Enough. It seems like such a benign, commonplace word on its face. It can simply mean sufficient; as much as required. On a basic level, “enough” is also an expression of the impatient desire for the end of undesirable circumstances – most definitely a common sentiment these days. I cannot count the number of times I’ve felt like I’ve had enough of the challenging external events that have occurred over the last few years, and particularly the last few months. But the depth and breadth of the word is really exposed when I dare to look at my internal world. The pervasive fear of “am I enough?” surfaces; it is a sentiment that speaks to our fundamental value as human beings. Notwithstanding the cliché, we are living in an unprecedented time of unsettledness, and the nuanced definition and application of this unassuming word seems worthy of exploration.
Regardless of our job titles (or lack thereof), socioeconomic status, age, gender or ethnicity, it is evident that collectively, we are all suffering from some degree of fear of insufficiency. The hoarding of basic items ranging from toilet paper to chicken has become commonplace. I am ashamed to admit it, but the last time I went to a grocery store, I found myself waiting anxiously amid a group of people at 7:30am for the doors to open. When they did, I eagerly pushed my cart inside, competing with a legion of glove and mask-bearing customers. Adrenaline surged through my body as my primordial brain convinced me that I might miss out on securing the last of my basic necessities. Would Publix have enough of my favorite yogurt? Maybe. Did my survival depend on it? No. But it sure felt that way.
If I zoom out and look at my life from a metaphorical balcony, I can’t help but feel just as frightened. Besides the threat of fulfilling my most basic needs for survival, the top of my Maslow pyramid is also crumbling; it is marked by the anxiety that I am being robbed of time, interaction, and opportunities to achieve. There won’t be enough resources to accomplish my dreams and consequently attain fulfillment and self-actualization because I am losing out on today and every day for the foreseeable future. However paradoxically, these circumstances just might be exposing a hidden gift. While I cannot find as much numbing comfort in the purchasing of things because they are either out of stock or I cannot justify spending the money (or both), I am compelled to look inside and rely upon myself – my internal state – in order to uncover a sense of sufficiency. Minor inconveniences aside, most of us currently have and will continue to have enough to survive. But how can we genuinely unearth our innate resourcefulness and believe that we alone are enough?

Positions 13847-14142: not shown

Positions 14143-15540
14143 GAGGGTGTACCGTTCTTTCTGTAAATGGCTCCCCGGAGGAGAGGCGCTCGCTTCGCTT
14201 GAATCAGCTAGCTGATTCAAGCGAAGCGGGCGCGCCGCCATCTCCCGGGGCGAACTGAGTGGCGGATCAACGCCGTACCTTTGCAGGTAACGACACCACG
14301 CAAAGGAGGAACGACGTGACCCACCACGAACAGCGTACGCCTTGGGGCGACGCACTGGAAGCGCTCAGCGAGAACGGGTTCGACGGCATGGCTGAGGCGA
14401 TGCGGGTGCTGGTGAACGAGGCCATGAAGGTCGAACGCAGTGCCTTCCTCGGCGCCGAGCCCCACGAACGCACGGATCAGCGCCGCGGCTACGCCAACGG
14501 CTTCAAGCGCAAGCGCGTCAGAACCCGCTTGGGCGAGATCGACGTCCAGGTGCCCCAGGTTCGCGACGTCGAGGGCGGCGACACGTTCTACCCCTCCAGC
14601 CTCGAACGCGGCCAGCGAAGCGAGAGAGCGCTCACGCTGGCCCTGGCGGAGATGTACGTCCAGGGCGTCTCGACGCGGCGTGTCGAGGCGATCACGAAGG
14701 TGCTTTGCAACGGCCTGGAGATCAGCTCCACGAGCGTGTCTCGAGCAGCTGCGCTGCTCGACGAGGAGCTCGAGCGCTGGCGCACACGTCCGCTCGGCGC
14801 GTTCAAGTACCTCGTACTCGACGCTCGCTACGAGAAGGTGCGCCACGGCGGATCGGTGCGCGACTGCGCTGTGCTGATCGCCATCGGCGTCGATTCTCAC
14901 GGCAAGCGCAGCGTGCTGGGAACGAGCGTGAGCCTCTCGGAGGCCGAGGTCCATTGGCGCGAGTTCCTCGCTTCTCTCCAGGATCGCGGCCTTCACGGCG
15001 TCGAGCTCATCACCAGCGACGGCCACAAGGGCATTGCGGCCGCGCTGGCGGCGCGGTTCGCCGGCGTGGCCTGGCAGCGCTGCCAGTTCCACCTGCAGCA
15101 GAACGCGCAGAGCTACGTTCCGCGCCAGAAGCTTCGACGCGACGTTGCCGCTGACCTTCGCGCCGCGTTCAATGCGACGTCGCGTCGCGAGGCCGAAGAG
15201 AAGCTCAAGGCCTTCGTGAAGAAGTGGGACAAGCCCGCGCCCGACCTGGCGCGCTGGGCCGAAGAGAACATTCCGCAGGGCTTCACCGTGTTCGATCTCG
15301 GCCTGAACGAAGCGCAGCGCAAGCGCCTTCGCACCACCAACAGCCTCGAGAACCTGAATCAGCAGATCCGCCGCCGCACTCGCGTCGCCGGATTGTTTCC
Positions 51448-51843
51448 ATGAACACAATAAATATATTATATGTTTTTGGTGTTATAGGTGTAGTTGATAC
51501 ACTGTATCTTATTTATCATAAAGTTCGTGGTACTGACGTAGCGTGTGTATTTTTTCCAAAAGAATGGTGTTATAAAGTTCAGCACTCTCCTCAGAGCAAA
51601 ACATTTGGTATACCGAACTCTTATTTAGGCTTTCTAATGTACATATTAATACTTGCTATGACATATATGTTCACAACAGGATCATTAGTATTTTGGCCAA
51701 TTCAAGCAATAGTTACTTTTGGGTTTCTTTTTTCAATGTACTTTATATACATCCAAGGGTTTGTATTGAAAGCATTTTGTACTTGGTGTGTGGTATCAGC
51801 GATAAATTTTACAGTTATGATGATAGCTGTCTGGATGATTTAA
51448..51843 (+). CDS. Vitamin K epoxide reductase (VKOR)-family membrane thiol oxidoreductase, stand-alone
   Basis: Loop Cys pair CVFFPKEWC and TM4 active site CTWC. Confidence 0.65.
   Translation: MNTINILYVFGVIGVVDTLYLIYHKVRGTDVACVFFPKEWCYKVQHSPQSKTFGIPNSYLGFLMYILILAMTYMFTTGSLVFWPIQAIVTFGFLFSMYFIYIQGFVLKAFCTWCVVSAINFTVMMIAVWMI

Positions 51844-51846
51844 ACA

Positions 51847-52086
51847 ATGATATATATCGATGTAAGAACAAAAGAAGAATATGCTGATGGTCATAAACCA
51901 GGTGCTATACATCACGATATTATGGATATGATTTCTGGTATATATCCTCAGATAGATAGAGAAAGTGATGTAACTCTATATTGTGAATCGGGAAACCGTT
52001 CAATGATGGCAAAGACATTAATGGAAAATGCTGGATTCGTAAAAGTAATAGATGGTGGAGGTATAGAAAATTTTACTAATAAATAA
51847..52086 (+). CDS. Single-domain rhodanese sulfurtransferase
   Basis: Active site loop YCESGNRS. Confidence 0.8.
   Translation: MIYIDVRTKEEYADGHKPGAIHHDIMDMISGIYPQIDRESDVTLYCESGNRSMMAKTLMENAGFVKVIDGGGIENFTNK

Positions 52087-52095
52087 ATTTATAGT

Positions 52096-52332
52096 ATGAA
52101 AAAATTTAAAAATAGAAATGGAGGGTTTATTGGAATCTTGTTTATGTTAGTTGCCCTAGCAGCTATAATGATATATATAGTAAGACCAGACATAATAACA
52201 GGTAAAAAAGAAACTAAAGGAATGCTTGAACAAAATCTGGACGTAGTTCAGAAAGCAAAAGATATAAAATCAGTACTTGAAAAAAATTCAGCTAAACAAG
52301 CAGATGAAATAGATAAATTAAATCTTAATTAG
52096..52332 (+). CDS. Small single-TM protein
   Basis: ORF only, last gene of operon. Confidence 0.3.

I’ve been reading Dr. Brené Brown’s work for years and recently a friend turned me onto her new podcast, “Unlocking Us.” It reminded me of the researcher and author’s famous thesis: a pervasive sense of shame makes many of us feel unworthy of true human connection. The shame is derived from our perfectionistic culture, in which most of us believe we’re “not good enough…not thin enough, rich enough, beautiful enough, smart enough, promoted enough” to be worthy of love. As a result, we build up an armor and resist vulnerability because letting others see us as we really are might mean rejection and pain. I believe that now more than ever, we are being stripped of that armor. We are isolated, forced to really see ourselves and forgo all those things we used to be able to do and buy to fill the void. The call to action here is to get to know ourselves more intimately than ever, realize that we are now and will always be enough, and as such we can truly connect with each other no matter the extent of our physical social distancing. If this time – for all of its hardship and pain – isn’t unlocking a serious superpower in all of us, then I don’t know what else can.
As I experience anxiety, frustration, and exhaustion throughout the indefinite duration of this pandemic fallout and ultimate recovery, I just want to scream ENOUGH! I know I am not alone in yearning for the return of my “normal”, and as much as I want to take the higher consciousness perspective and ascertain that I am not a victim, for goodness sakes, I’ve had enough. But when my resistance grows tired and my inner tantrum quiets, I get a glimpse of something beautiful. At any given moment, I am provided with everything I need because I am everything I need. That does not take away from the fundamental human necessity for connecting with others, it enables it. We must first remove our proverbial armor and get connected to our own true essence. To quote Brené Brown, “believing that you are enough is what gives you the courage to be authentic”; even if sometimes that means admitting to myself and to the world that I am authentically sad and afraid.